So what? Aaron James and Robert Sutton by and large agree the objective should be to work towards turning a given system (whether a hotel pool or conference room) into an “asshole-free zone”. Indecent behaviors should be counteracted pro-actively and immediately, in public at best. At the same time, it certainly helps when leading protagonists of the respective system frequently demonstrate desired behaviors (“Walk the talk!”). Lest the transgressors remain continuously unshaken in light of such measures, it is prudent to remove them from the system altogether – even at the risk of turmoil and momentarily increased costs. The harm they inflict on the system in the long run, as a rule, will exceed the costs of the intervention by far. If you´d like to know more: In one of his own books on this difficile subject, Robert Sutton – I guess somewhat tongue-in-cheek – describes a way to calculate the so-called TCA (“Total Cost of Assholes”).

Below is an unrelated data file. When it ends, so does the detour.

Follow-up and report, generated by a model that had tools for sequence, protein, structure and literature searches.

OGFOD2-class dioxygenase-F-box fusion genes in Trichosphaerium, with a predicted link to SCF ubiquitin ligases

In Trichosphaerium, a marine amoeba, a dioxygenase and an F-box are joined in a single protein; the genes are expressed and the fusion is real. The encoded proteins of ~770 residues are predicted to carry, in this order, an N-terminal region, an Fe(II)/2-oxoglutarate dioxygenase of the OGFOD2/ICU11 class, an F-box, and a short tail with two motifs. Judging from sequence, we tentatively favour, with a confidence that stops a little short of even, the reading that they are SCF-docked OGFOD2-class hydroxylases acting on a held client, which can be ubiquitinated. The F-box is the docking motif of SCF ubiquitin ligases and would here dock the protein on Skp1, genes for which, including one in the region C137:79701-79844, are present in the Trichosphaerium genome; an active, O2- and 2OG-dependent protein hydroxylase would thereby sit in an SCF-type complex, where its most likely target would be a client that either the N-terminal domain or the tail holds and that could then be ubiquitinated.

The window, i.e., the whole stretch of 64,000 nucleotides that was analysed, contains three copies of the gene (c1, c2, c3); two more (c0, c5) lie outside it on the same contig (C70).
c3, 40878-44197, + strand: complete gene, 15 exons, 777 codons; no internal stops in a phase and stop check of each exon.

Conclusion

To end on a high note, I´m happy to tell you that, some of the time, the better angels of our nature clearly prevailed. On the fifth day, after my son had walked around the pool several times looking more and more frustrated, fellow guests graciously gave us one of their loungers. This was followed by spontaneous exchanges of toys among children, lively dialogues among adults on the question of how to get rid of stains caused by surplus bolognese sauce on white t-shirts without a washing machine – and cheerful multinational fraternization in general.

However, I cannot guarantee this will hold true for your organization.

* The whole issue does not seem to be a national feature. The club hosts a motley mix of German, Austrian, Swiss, Dutch, Belgian, English, Russian, French, Spanish, and Scandinavian compatriots.

This text was originally published on my LinkedIn profile.

Get Your Joyful June Calendar from Action for Happiness

As with the previous months of 2018, our friends at Action for Happiness, a UK-based non-for-profit organization backed by luminaries such as the The Dalai Lama and Sir Richard Layard, have created a calendar for the month of June, displaying valuable advice based on the science of Positive Psychology. You can get a printable high-resolution version here.

Joyful June | Action for Happiness